Tuesday, January 29, 2008

Ranjith on Kneeling for Communion during the liturgy and Communion on the Tongue by Shawn Tribe

Libreria Editrice Vaticana has published a book, Dominus Est by Bishop Athansius Schnedier, where that Bishop analyzes the question of communion recieved kneeling and on the tongue. Archbishop Malcolm Ranjith has written the foreward to this book, which the NLM is happy to present an unofficial translation here to follow. (Many thanks to a good friend of the NLM for providing the link to this, which came originally through, Associazione Luci sull'Est. Without further adieu, the foreword of Msgr. Ranjith, Secretary to the CDW: In the Book of Revelation, St. John tells how he had seen and heard what was revealed and prostrated [himself] in adoration at the foot of the angel of God (cf. Rev 22, 8). Prostrating, or getting down one one's knees before the majesty of the presence of God in humble adoration, was a habit of reverence that Israel brought constantly to the presence of the Lord. It says the first book of Kings, "when Solomon had finished putting this prayer to the Lord and this plea, he stood up before the altar of the Lord, where he was kneeling, with palms stretched heavenward, and blessed the whole assembly of Israel "(1 King 8, 54-55). The position of supplication of the King is clear: He was kneeling in front of the altar. The same tradition is also visible in the New Testament where we see Peter get on his knees before Jesus (cf. Lk 5, 8); when Jairus asked him to heal her daughter (Luke 8, 41), when the Samaritan returned to thank him, and when Mary the sister of Lazarus asked for the life of her brother (John 11, 32). The same attitude of prostration before the revelation of the divine presence and is generally known in the Book of Revelation (Rev. 5, 8, 14 and 19, 4). Closely linked to this tradition was the conviction that the Holy Temple in Jerusalem was the dwelling place of God and therefore, in the temple it was necessary to prepare one's disposition by corporal expression, a deep sense of humility and reverence in the presence of the Lord. Even in the Church, the deep conviction that in the Eucharistic species the Lord is truly and really present, along with the growing practice of preserving the Holy Sacrament in tabernacles, contributed to practice of kneeling in an attitude of humble adoration of the Lord in the Eucharist. [...] ...faith in the Real Presence of Christ in the Eucharistic species already belonged to the essence of the faith of the Catholic Church and was an intrinsic part of Catholicism.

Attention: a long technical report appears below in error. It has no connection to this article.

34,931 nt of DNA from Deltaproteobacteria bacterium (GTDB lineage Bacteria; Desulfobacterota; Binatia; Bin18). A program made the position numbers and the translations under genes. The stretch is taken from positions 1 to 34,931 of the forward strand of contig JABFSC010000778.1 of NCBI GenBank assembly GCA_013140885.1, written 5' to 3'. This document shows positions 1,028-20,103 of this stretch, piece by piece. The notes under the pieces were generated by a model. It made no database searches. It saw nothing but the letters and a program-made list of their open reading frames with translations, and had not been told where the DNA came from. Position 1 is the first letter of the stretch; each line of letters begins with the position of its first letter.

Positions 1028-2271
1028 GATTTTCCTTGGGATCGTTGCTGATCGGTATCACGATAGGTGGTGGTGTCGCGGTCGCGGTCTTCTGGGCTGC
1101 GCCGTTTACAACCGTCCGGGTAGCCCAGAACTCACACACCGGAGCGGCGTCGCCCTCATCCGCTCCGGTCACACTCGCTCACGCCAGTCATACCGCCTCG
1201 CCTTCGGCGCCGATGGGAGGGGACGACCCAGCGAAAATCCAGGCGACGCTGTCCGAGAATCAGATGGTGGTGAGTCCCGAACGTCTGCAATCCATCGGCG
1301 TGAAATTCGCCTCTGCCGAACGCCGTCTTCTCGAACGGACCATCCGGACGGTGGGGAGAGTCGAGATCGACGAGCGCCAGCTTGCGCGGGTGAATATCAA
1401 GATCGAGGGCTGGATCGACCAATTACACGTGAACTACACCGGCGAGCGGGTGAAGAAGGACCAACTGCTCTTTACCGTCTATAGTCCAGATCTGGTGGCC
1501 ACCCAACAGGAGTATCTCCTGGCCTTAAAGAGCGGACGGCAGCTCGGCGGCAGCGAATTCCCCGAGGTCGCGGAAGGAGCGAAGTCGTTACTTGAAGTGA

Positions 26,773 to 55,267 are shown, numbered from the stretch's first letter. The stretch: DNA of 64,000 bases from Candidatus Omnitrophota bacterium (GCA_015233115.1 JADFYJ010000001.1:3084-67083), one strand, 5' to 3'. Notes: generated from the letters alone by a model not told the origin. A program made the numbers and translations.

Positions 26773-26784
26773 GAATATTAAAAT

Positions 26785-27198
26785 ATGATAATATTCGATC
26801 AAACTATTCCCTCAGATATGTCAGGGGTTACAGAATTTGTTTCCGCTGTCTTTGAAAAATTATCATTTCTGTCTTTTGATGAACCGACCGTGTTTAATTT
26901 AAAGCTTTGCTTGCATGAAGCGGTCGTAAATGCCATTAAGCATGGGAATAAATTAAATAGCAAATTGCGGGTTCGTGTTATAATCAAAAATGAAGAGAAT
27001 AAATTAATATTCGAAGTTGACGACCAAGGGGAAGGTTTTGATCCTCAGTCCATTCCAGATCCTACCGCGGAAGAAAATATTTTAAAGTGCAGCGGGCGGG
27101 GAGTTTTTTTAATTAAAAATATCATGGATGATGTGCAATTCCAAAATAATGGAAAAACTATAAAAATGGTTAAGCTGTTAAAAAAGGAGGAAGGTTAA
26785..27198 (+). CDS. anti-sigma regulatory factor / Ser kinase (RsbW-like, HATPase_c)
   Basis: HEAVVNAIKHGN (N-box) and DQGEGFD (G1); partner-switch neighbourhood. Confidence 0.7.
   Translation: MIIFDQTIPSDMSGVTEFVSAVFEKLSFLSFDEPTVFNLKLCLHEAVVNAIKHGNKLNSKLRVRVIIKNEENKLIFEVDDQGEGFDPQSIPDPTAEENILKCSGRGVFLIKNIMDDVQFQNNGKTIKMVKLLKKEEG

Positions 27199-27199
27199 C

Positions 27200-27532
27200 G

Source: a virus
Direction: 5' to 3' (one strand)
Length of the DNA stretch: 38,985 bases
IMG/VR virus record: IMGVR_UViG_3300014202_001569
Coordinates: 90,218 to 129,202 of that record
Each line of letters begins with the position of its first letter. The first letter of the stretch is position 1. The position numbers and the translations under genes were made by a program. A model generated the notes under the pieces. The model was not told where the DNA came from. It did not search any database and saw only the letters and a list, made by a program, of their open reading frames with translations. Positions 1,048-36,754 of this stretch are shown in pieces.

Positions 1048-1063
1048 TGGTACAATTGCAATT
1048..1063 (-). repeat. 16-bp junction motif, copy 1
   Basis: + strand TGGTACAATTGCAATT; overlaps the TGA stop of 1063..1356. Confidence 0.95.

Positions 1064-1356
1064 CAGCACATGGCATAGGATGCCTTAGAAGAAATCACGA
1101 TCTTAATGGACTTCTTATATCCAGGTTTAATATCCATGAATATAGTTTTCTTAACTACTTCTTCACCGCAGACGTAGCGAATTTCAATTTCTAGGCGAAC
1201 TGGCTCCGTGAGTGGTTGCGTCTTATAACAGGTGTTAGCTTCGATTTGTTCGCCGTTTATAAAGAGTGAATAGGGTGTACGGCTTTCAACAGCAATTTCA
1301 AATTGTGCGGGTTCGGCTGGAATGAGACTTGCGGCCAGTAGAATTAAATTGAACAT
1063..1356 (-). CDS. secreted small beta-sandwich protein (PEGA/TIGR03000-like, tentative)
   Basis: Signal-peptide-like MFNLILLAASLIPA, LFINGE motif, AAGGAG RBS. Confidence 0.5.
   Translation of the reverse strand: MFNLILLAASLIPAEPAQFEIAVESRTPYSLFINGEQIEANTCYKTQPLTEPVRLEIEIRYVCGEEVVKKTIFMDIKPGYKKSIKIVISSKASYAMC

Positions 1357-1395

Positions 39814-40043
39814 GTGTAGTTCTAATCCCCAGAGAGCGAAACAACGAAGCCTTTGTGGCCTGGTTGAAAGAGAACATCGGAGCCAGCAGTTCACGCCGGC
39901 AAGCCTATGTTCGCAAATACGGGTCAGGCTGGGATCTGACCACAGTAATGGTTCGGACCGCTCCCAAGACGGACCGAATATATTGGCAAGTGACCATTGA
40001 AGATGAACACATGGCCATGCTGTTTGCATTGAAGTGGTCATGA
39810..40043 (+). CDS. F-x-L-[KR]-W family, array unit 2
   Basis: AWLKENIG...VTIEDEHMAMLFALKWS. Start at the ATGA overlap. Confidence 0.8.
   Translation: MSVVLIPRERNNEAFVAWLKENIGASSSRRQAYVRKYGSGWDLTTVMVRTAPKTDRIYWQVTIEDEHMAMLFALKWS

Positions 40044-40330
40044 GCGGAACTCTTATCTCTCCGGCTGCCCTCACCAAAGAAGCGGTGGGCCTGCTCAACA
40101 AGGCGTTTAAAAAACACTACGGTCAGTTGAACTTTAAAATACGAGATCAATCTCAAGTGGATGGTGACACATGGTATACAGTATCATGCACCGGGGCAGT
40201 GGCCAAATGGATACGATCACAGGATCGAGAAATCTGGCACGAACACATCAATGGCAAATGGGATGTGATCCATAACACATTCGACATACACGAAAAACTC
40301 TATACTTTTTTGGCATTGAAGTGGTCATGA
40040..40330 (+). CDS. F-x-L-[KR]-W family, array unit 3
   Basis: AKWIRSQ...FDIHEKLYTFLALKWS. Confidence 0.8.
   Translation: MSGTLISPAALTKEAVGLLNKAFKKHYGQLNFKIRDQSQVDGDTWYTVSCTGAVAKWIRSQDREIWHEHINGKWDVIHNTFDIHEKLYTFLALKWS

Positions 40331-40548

It was clear that we could not build up the Church if that faith was minimally affected. Therefore, the Eucharist, bread transubstantiated in Body of Christ and wine into the Blood of Christ, God among us, is to be greeted with wonder, reverence and an immense attitude of humble adoration. Pope Benedict XVI... points out that "receiving the Eucharist means adoring him whom we receive [...] only in adoration can a profound and genuine reception mature."(Sacramentum Caritatis 66). Following this tradition, it is clear that it became coherent and indispensable to take actions and attitudes of the body and spirit which makes it easier to [enter into] silence, recollection, and the humble acceptance of our poverty in the face of the infinite greatness and holiness of the One who comes to meet us in the Eucharistic species. The best way to express our sense of reverence to the Lord in Mass is to follow the example of Peter, who as the Gospel tells us, threw himself on his knees before the Lord and said, 'Lord, depart from me, for I am a sinner " (Luke 5, 8). As we see in some churches now, this practice is decreasing and those responsible not only require that the faithful should receive the Holy Eucharist standing, but even eliminate all kneelers forcing the faithful to sit or stand, even during the elevation and adoration of the [Sacred] Species. It is ironic that such measures have been taken in [some] dioceses by those responsible for liturgy, or in churches, by pastors, without even the smallest amount of consultation of the faithful, even though today, more than ever, there is an environment desiring democracy in the Church. At the same time, speaking of communion in the hand, it must be recognized that the practice was improperly and quickly introduced in some quarters of the Church shortly after the Council, changing the age-old practice and becoming regular practice for the whole Church.